qscmeeting1pano 140 (or so) concerned citizens packed the multipurpose room of Gregory Heights Elementary School for the first Quiet Skies Coalition meeting on Tuesday night, Oct. 25.[/caption] [caption id="attachment_105324" align="aligncenter" width="490"]qscmeeting201516-2 Former pilot – and now President of Quiet Skies Coalition – Larry Cripe.[/caption] [caption id="attachment_105323" align="aligncenter" width="490"]qscmeeting102516-5 Images show the before (left) and after (right) flight patterns over Burien.[/caption] [caption id="attachment_105325" align="aligncenter" width="490"]qscmeting102516-2 Lawyer John Parness points to a map showing how many turboprop airplanes turned west over Burien on June 26, 2016.[/caption] [caption id="attachment_105326" align="aligncenter" width="490"]qscmeeting102516-4 An employee of Alaska Airlines (left) spoke at the meeting.[/caption]

Click ‘Play’ button to hear the raw, unedited audio of the meeting in its entirety (running time: 1:25):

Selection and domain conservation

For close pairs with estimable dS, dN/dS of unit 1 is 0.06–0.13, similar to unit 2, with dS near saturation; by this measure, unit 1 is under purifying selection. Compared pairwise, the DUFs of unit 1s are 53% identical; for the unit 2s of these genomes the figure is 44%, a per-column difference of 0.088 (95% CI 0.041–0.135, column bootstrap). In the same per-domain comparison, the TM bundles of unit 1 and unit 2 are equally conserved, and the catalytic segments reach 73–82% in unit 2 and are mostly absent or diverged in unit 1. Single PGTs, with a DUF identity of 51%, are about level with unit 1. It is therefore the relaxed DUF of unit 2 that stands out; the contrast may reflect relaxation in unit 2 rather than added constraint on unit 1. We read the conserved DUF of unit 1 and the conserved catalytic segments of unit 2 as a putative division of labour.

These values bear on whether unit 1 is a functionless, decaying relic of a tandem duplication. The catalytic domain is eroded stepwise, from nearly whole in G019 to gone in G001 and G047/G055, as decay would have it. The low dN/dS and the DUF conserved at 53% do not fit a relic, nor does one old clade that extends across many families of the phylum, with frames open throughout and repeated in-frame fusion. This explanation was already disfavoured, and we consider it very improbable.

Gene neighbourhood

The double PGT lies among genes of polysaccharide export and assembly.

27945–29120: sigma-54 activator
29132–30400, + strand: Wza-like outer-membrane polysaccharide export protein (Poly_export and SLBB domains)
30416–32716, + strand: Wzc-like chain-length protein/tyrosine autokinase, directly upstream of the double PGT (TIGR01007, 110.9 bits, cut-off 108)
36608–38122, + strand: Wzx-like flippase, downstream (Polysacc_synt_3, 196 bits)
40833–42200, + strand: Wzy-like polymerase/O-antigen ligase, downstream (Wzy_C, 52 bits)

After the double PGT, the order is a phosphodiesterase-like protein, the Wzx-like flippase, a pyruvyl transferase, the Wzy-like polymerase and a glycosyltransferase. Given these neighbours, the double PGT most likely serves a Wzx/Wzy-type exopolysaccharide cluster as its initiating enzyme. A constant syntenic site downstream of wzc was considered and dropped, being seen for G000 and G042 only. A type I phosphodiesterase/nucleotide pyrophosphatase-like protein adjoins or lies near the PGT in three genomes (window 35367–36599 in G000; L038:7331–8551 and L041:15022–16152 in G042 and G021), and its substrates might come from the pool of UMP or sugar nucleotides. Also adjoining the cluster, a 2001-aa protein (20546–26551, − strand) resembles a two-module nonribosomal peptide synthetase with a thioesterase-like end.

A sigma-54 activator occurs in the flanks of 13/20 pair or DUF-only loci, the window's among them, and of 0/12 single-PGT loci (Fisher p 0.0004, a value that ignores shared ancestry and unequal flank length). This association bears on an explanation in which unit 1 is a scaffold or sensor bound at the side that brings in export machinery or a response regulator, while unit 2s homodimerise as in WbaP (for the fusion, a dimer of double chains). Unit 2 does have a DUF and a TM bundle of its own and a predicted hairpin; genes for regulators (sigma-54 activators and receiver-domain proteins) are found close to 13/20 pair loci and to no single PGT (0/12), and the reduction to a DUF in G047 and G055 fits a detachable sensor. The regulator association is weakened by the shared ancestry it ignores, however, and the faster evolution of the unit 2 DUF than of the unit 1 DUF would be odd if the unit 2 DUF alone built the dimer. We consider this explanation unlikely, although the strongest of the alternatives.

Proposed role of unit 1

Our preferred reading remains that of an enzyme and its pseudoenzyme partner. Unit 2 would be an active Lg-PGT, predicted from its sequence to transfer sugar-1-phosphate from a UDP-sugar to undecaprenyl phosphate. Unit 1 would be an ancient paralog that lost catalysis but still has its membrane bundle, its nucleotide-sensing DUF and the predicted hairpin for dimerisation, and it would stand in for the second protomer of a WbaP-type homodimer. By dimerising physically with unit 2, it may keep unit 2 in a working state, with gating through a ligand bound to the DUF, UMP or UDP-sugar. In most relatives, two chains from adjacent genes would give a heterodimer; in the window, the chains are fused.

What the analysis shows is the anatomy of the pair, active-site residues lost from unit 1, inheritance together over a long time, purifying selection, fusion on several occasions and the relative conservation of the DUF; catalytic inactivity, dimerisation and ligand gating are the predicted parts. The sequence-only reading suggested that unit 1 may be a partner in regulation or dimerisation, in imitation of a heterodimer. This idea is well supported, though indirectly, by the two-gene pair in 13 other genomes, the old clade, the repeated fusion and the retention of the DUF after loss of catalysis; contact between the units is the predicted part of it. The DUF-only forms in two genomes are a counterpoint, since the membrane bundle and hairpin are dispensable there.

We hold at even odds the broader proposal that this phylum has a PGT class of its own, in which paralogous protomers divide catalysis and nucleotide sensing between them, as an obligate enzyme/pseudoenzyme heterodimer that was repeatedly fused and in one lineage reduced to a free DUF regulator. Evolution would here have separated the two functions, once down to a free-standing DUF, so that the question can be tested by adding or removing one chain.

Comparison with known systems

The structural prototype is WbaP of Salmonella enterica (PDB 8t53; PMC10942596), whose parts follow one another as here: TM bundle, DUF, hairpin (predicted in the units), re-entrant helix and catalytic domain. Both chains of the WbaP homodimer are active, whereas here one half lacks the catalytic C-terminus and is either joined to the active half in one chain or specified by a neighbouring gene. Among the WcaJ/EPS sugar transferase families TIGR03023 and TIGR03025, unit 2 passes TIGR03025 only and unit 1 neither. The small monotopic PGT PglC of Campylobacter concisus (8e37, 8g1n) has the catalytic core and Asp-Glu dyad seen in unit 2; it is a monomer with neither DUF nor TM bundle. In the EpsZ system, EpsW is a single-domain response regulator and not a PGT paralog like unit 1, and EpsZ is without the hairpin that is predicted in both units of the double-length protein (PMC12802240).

[embed]http://jonlehman.synology.me:8666/BtownBlog/wp-content/uploads/2016/10/102516Meeting.mp3[/embed] Story by Jack Mayne Photo & Audio by Scott Schaefer In front of a packed house at Gregory Heights Elementary School Tuesday night (Oct. 25), the newly-founded citizen’s group Quiet Skies Coalition said that it will take donated money to fight the Federal Aviation Administration’s decision to route most turbojet take off noise over Burien. Terry Plumb, a member of the newly created non-profit group made up primarily of Burien residents, said it was formed after the increase in airplane noise in Burien brought about when the FAA in July ordered smaller turbo-prop commuter planes to turn over Burien instead of being widely dispersed further north over West Seattle and even Elliot Bay and Magnolia. Those smaller planes are causing most of the “new” noise over Burien, which has clearly upset numerous residents. Group to fight noise “The mission of the Quiet Skies Coalition is to restore quiet skies to the greater Burien area,” Plumb said. “This can be accomplished by the FAA ceasing the direct flights westbound from Sea-Tac Airport and restoring the flight pattern that was established previously and was altered in July of this year.” Larry Cripe, founder and president of the coalition, said he began getting phone calls about the aviation noise after he brought the problems to the Burien City Council a few weeks earlier. Then he and Burien resident, attorney John Parnass, decided to form a non-profit committee, Quiet Skies Coalition. He said that after some study, and with his background as a retired airline pilot, that the FAA has done “something that is unjust.” The coalition has asked for and received a meeting with the FAA to meet with the group at Burien City Hall on Friday, Nov. 4 “for us to express our concerns and have a dialogue on this and try to get to the bottom of this.” Dialogue with Alaska Air Cripe added that the Burien City Council has been helpful in putting the meeting together. Councilmembers Debi Wagner, Steve Armstrong and Nancy Tosta attended the meeting. “I also reached out to Alaska Airlines … and wanted to start a dialogue with them,” Cripe said, noting that Alaska Air Group, headquartered in SeaTac, is the corporate title of the company that operates Alaska Airlines, Horizon Airlines and, pending federal approval, is buying Virgin America Airline. “Make no mistake, Alaska Air Group is a big company … they make the decisions,” he said. Cripe said getting the relevant information takes a lot of digging, of filing public information requests and assembling the facts to use to dispute the added planes over west Burien. He was asked whether they were just interested in the noise issue, or would they be taking on the health issues of fuel residue dumped over the area, something that many Burien residents have long complained about. “We are concerned about the flight pattern that has be thrust upon us, but that won’t be the end of the matter,” Cripe said, adding they will be concerned about a bigger picture, involving health issues, air quality and other problems. He suggested that other communities around the airport might join in the battle by starting their own similar organizations to battle the airport noise, “fuel dumping” and such. Burien resident and attorney John Parness told the group he had never been involved in something like this until the planes started buzzing over his neighborhood one day, but he thought they’ll go away – “hope is a great deceiver.” “Then I see Larry Cripe on TV one night, up like a ‘lone wolf,’” so he joined the group. Parnass showed the audience slides that showed the former flight pattern with planes taking off and moving north of Burien and dispersing in a wide area from south Seattle up to nearly the ship canal – “the historic” route, the “baseline.” ‘Just Burien, not Medina’ But in late July, Parness said, the FAA, “in combination with whoever” decided “wouldn’t it be convenient to dump all the air traffic on our neighborhood? Wouldn’t that be great because we’re Burien, we are not Medina, we are not rich, we are just Burien. That is what happened.” Parness said they have had discussions with the FAA about this – “dealing with the FAA is like dealing with any federal bureaucracy, what are you going to get from them? You are going to get nothing. You have to be persistent, you have to dig and you have to learn.” He said the reason this was done was that Sea-Tac has “real problems having to do with the growth of air traffic” but not a problem the cities can solve, but residents must be aware of it. Parness said he is a lawyer, but he does not specialize in noise law or the like. But residents do have the right to bring a lawsuit or in other ways fight the problem. “This is not new folks,” he said. “The port authority has been sued many times for disrupting people’s peace and quiet because of air traffic.” The main goal of the group is to explain to people what is going on and to persuade people who have authority to make decision to “do the right thing and not screw with us.” “Then finally if necessary, we’re going to litigate this thing,” Parness said. “I didn’t buy a house – you didn’t buy a house …” to get bombarded with noise. “If they want to do right thing, we’re with them, if they don’t want to do the right thing, we’re against them.” Parness said the FAA believes they have the right, under federal law to send turboprop planes over neighborhoods without any consequences, because they don’t the noise from turboprops is covered by federal regulations. Turbo-props ‘not noisy’ The FAA thinks “turboprops don’t create noise, so you live in this happy bubble of regulations … they think turboprops are exempt from noise regulations – we’re looking into that,” he said. The Port has been sued many times over airplane noise, “often successfully” over noise that people had not previously been subjected to. “We don’t want to sue the Port, but they hope for best…and prepare for the worst.” Parness said the bad news was that the planes were coming over our homes, but the good news is that with all the people involved, he sees reason to believe that a change in the flight patterns over Burien can be obtained. “I tell my clients go get organized and don’t accept promises (and) raise money, raise money, raise money,” he said. Money is to pay for the costs of forming the non-profit group, pay for printing a brochure and also to hire a well-connected public relations person and maybe even an attorney. Parness said the group needs to stay together, raise money for expenses but in the end, he said he feels the people of west Burien have a good chance to prevail.]]>